Will Bollywood survive right-wing intrusion? Or soon it will become another medium for divisive politics?
Don’t know what would remain of Bollywood, with politics more than intruding, spreading its fangs. It is getting obvious that the Right-Wing lobbies are trying to come centre stage
Strange it seems that allegations of rape and sexual misconduct against reputed director of Bollywood Anurag Kashyap have come up at this juncture. Why now? Is it something or everything to do with his anti- CAA stand and his blatant criticism of the Right- Wing characters? If you recall, last winter he had even visited Jamia Millia campus and had also met the anti-CAA protestors at Shaheen Bagh. In fact, he is one of those who don’t mince words and he has been very vocal about the policies of this government.
The way the hounding and arrest of the dissenters is on, it seems many more could be targeted. Even the silent sympathisers could face tough times. You must have noticed that from the last couple of days, ever since her name has come up with the allegation of drugs intake, the photographs of Deepika Padukone that are getting played up on the small screen are the ones that were clicked when she had visited the Jawaharlal Nehru University campus …she was there last winter, just days after several students of that university were targeted and assaulted by Right- Wing goons. She hadn’t come up with a speech nor with a statement but her visiting the campus and standing in the midst of the students relayed solidarity and much more along the strain.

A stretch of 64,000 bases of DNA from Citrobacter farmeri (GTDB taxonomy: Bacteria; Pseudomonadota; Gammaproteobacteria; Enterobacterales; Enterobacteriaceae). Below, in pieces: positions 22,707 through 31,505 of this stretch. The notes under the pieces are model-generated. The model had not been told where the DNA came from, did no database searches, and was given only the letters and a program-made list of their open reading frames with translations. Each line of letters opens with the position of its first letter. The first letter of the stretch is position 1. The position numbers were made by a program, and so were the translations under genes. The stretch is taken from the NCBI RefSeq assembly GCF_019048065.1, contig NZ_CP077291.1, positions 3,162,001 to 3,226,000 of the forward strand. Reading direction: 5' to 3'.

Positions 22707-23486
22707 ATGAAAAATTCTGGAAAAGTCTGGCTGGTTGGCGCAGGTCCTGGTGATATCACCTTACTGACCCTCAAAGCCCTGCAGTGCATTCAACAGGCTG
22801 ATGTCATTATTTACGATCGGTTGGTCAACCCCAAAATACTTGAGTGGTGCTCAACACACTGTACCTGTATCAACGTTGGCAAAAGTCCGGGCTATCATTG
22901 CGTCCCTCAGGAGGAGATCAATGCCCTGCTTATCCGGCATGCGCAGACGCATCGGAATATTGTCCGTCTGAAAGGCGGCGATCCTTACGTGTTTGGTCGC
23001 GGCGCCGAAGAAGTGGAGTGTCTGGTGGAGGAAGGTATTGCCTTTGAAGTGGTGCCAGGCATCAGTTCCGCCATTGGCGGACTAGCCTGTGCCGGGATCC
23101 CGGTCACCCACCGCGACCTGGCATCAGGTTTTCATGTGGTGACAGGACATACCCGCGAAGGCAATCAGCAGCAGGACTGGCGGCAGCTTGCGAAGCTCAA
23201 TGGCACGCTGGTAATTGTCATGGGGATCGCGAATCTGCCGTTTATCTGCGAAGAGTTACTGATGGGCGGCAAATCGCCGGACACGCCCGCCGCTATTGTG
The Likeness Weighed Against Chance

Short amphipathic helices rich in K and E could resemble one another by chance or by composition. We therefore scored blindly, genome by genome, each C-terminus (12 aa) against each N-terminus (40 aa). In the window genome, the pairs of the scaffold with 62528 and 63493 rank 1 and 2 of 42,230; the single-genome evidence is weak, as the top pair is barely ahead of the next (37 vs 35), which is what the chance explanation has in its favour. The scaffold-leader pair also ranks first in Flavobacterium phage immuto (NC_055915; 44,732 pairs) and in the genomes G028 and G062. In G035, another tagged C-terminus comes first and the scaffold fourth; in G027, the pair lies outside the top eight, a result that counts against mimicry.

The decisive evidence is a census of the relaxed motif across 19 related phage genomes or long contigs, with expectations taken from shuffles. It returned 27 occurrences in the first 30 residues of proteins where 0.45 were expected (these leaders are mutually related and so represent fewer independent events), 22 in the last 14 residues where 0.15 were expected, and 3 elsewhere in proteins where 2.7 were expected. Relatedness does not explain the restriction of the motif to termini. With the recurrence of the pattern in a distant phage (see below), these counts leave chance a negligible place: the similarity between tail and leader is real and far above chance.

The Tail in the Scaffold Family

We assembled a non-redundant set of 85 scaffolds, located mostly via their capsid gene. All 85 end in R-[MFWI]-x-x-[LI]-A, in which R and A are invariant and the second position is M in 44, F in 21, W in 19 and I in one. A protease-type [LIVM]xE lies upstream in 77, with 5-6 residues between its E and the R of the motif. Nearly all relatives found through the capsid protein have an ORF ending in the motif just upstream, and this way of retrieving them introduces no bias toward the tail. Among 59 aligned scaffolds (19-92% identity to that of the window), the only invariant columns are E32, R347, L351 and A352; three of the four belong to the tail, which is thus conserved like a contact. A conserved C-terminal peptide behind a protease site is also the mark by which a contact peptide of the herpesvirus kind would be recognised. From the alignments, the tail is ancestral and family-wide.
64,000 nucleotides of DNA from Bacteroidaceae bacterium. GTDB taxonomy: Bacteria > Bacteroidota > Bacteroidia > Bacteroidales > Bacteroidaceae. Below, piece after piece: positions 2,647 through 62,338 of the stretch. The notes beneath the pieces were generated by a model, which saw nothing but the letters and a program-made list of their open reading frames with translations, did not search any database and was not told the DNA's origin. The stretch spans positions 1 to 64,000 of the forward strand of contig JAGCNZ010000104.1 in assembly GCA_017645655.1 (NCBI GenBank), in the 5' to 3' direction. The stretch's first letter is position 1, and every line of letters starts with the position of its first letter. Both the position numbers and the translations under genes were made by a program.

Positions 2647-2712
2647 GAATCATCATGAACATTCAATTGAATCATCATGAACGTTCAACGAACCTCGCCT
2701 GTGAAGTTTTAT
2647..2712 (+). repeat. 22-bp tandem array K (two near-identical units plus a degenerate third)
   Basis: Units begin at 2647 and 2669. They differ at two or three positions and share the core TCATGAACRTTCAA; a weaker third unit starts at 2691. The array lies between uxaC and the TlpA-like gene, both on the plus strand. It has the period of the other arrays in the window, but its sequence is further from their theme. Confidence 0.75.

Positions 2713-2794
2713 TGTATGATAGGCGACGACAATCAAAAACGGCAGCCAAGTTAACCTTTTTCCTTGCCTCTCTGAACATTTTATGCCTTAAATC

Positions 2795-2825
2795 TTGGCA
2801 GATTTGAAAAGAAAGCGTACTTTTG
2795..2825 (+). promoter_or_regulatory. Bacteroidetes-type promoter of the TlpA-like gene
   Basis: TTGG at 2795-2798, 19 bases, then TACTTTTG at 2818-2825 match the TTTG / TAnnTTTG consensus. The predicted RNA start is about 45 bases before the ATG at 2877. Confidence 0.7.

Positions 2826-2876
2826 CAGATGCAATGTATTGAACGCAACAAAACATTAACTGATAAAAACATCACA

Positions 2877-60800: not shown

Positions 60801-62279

Don’t know what would remain of Bollywood, with politics more than intruding, spreading its fangs into our famed film industry. It is getting obvious that the Right-Wing lobbies are trying to come centre–stage. Till date Bollywood was supposedly one of those spheres that had managed to keep the hawks somewhat away from its terrain. But now ground realities don’t look too good. Will the aftermath of the Agenda unfolding right in the midst of Bollywood, get too divisive and frightful for us to see! What will be in store for the movers and shakers of Bollywood!
In fact, the first time I realized the huge impact of Bollywood’s movers and shakers, not just in our country but far beyond, was years back in 1995, when I had interviewed Surat Mirkasymov --- he was Uzbekistan’s very first ambassador to India.
I was taken aback not just by the fluent Hindustani that Surat Mirkasymov spoke but also by his knowledge of Bollywood films and those film stars. Before I got down to interviewing him about his country and the diplomatic ties between his country and India (that was to be the thrust of this interview) I had to settle those ‘whys’ hitting my head. I had to ask him the ‘why’ to his fluent Hindustani, his love for Bollywood film and film- stars.
Responding to my eager queries, the Uzbek ambassador offloaded a tale; on which a full- fledged feature film could be made. Let me start off by writing those details to what he kept offloading, in between eating dried apricots – “These apricots are from our Farghana Valley… My love for Hindustani language. Why? Learnt it, mastered it because of my love for your country’s cinema… Actually whilst I was still in school (Tashkent’s famous school No.24, which was later named after Lal Bahadur Shastri), the city had some special visitors. This was around 1954, when Pandit Jawaharlal Nehru had sent a delegation of film stars --- Nargis, Raj Kapoor, Dev Anand and several others, to the first film festival of India in Tashkent. And several movies were screened ---Awaara, Baiju Bawra, Do Beegha Zameen …you can’t imagine how I felt when I saw these stars and their films. I can’t describe what I felt .Yes, something happened to me!”